November 29, 2011

ECS Science Education Gets a Helping Hand    

Elkhart Community Schools has expanded its inquiry-based science curriculum to the secondary level thanks to a grant from the Monsanto Fund, the philanthropic arm of Monsanto Company.


Monsanto donated $20,000 to ETHOS, (Encouraging Technology and Hands On Science) a non-profit science education organization that supports area science initiatives. ETHOS has been managing the science kits that ECS elementary schools use for science instruction for several years. In addition, ETHOS pursues grant funding to help support science education initiatives for local schools.

     Monsanto presents a check to ETHOS officials
          and ECS eighth-grade science teachers  

The science kit program was expanded to include Elkhart's three middle schools and several high school classrooms this school year after a new secondary science program, SEPUP, (Science Education for Public Understanding Program) was piloted at ECS last year and then selected during the adoption process for science curriculum.


A portion of the SEPUP kits and professional development training for ECS secondary teachers is being funded through the Monsanto grant.


ETHOS received a similar grant a year ago that was used to fund Elkhart's new elementary and high school LEGO robotics programs.


Josh Onken and Barry Meyer, operation and site managers of the Monsanto Company Seed Corn Production Facility in Constantine, Michigan, presented the check to ETHOS representatives Nov. 18. The check presentation was held during a teacher training session at ETHOS, allowing the Monsanto employees to see how their donation is being used. 


“This is such a natural fit for what our company does," Onken said, after chatting with Eric Shipp, an eighth-grade teacher at North Side Middle School, about the SEPUP program, specifically regarding its hands on lessons in determining the ingredients in soils and fertilizers. “Monsanto is committed to supporting science education programs that further science teaching and interest students in science careers."


Patsy Boehler, executive director of ETHOS, said she was thrilled to learn that Monsanto had chosen to fund the SEPUP program, noting it wouldn't have been possible to implement the new curriculum without Monsanto's support. 


“SEPUP builds on our elementary science teaching and continues to elevate students' expertise,” Boehler stated. "The beauty of the inquiry-based program is that it addresses so many learning styles. It helps level the playing field for all students.


"This curriculum is recognized by the National Science Foundation as one of the top curriculums in the nation for teaching inquiry-based science," Boehler continued. "It's wonderful that the Elkhart teachers get to use it. The excitement level in our professional development sessions has been phenomenal."


"I can't imagine teaching science any other way now," Shipp stated. "This is well beyond what we've been able to do with students in the past. I feel like I've been spoiled."


Shipp said that during a traditional science class, the teacher is in charge of the lesson, providing students with facts about the subject. In inquiry-based education, the student determines the direction the lesson takes and the teacher becomes a facilitator.


     Monsanto's Barry Meyer, left, and Josh Onken chat about Elkhart's
  new inquiry-based science curriculum with North Side teacher Eric Shipp
                        and ETHOS' Susan Disch  

"The student tries something, makes a mistake, and then figures out what needs to be done to correct it," Shipp explained. "We're seeing students become the masters of their domain.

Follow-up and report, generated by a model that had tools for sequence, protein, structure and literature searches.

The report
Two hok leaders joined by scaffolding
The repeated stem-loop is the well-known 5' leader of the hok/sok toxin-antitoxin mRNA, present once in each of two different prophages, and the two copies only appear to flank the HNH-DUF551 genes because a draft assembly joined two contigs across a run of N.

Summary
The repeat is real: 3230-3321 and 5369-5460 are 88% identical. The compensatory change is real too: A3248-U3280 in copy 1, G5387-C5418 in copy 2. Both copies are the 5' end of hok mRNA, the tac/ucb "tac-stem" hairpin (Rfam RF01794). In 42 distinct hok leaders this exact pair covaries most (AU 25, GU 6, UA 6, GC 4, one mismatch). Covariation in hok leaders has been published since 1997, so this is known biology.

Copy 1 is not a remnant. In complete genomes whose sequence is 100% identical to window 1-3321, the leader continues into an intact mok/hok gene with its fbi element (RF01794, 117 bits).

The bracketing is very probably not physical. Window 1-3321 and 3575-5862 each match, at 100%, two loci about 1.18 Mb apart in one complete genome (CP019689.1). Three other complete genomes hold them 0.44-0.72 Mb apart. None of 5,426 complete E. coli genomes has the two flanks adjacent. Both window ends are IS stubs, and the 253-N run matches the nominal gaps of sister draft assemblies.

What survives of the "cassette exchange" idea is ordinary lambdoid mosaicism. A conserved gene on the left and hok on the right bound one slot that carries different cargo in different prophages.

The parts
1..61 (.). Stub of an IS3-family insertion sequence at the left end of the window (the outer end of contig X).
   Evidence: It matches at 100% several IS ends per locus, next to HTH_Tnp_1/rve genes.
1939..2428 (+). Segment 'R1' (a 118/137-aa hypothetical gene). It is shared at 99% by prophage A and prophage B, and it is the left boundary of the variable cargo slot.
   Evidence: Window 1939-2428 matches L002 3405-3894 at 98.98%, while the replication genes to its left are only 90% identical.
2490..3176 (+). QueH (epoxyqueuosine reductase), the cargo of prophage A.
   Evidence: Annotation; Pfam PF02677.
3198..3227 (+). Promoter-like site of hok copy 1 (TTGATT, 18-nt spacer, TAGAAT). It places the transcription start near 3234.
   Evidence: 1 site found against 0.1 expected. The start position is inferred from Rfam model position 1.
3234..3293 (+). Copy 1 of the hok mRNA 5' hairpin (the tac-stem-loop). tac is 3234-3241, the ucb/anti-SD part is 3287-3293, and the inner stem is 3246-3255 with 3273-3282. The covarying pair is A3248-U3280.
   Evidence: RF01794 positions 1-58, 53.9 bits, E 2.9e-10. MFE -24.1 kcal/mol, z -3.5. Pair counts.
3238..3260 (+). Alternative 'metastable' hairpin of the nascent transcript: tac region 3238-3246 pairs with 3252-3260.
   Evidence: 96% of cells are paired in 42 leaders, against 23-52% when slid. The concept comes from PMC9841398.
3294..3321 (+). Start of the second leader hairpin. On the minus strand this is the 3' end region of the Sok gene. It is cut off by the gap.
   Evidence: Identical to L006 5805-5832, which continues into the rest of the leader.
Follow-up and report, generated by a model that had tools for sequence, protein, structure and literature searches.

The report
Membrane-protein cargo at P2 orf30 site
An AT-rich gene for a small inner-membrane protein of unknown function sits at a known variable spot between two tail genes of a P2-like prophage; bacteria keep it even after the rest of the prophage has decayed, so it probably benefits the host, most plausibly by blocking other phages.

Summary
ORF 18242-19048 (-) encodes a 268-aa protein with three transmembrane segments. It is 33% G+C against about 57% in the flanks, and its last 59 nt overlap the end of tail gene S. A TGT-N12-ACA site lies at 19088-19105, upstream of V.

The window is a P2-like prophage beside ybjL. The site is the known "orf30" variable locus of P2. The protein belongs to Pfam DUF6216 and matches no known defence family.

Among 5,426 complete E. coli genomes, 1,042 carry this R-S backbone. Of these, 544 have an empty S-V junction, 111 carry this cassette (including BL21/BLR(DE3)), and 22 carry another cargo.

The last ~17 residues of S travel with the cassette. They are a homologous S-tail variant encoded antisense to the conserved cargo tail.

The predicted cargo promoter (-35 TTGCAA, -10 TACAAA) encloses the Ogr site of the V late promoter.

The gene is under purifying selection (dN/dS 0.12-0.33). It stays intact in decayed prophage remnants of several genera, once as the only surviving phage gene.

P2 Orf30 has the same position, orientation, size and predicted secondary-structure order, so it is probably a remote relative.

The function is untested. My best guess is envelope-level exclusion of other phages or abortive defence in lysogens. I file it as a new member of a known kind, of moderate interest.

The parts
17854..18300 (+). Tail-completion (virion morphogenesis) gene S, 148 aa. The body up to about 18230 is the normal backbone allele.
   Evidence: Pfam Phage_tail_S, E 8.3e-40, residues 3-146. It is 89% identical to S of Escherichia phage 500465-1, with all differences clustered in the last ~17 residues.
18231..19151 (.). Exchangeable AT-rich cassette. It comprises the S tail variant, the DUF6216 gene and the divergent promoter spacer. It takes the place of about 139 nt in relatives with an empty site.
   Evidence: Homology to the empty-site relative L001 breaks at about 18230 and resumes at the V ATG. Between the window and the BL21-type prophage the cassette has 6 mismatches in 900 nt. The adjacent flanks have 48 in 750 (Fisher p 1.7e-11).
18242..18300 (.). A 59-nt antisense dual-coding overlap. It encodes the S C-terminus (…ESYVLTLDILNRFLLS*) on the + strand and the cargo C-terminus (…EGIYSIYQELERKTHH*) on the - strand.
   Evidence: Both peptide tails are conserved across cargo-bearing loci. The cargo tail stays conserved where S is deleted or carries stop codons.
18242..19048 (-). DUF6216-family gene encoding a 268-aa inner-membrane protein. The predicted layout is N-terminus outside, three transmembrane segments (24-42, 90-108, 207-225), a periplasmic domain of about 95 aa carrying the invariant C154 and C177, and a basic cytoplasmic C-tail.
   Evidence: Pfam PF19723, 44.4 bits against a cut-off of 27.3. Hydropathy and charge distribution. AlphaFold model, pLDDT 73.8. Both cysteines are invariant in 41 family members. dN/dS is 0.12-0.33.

"Students are gaining higher level thinking skills than they can get from a textbook," Shipp continued, adding the curriculum includes a lot of writing as students have to document what they've learned. "So the student is not telling me what I told her, she's putting it into terms she can understand and she will remember." 

Life students Ivy DeLaVirgen and Alyssa Coburn
        experiment with light refraction

When the teacher does ask questions, "we're getting in depth answers," Shipp added. "The students' answers have skyrocketed over anything we've had in the past."

For example, when he used to ask a student "What is soil," the student would respond "dirt." "Now they're learning all that 'dirt' entails," Shipp said. “They're working with soil samples to differentiate the ingredients."


Laura Fox, who teaches at LIFE, the district's alternative school, doesn't have a science lab, and, prior to SEPUP, didn't have many science materials to work with. Now her students are able to participate in hands-on experiments that keep them interested and engaged in science.


"I like this so much better than simply reading from a textbook," said student Ivy DeLavirgen as she worked on a light refracting experiment. "I'm a visual learner."


Her classmate, Alyssa Coburn, agreed. "If I read something in a book, I have to read it several times to comprehend it," she said. "With lessons like this, I get the concept right away."


Riverview teacher Douglas Hunnings said his sixth graders also enjoy science more since SEPUP was implemented. "It allows the students to be more actively engaged in their learning," Hunnings stated. "Some of my students have commented that this has been their favorite year of science.

"One of my students said SEPUP helps him think more scientifically and now he has a better understanding of the scientific process," Hunnings continued, adding he's also seen an improvement in his students' writing and critical thinking skills.


"I also like the fact the kits supply almost all of the items needed for the activities, so there is little prep required," Hunnings added. "I am excited that Elkhart Community Schools has adopted SEPUP."

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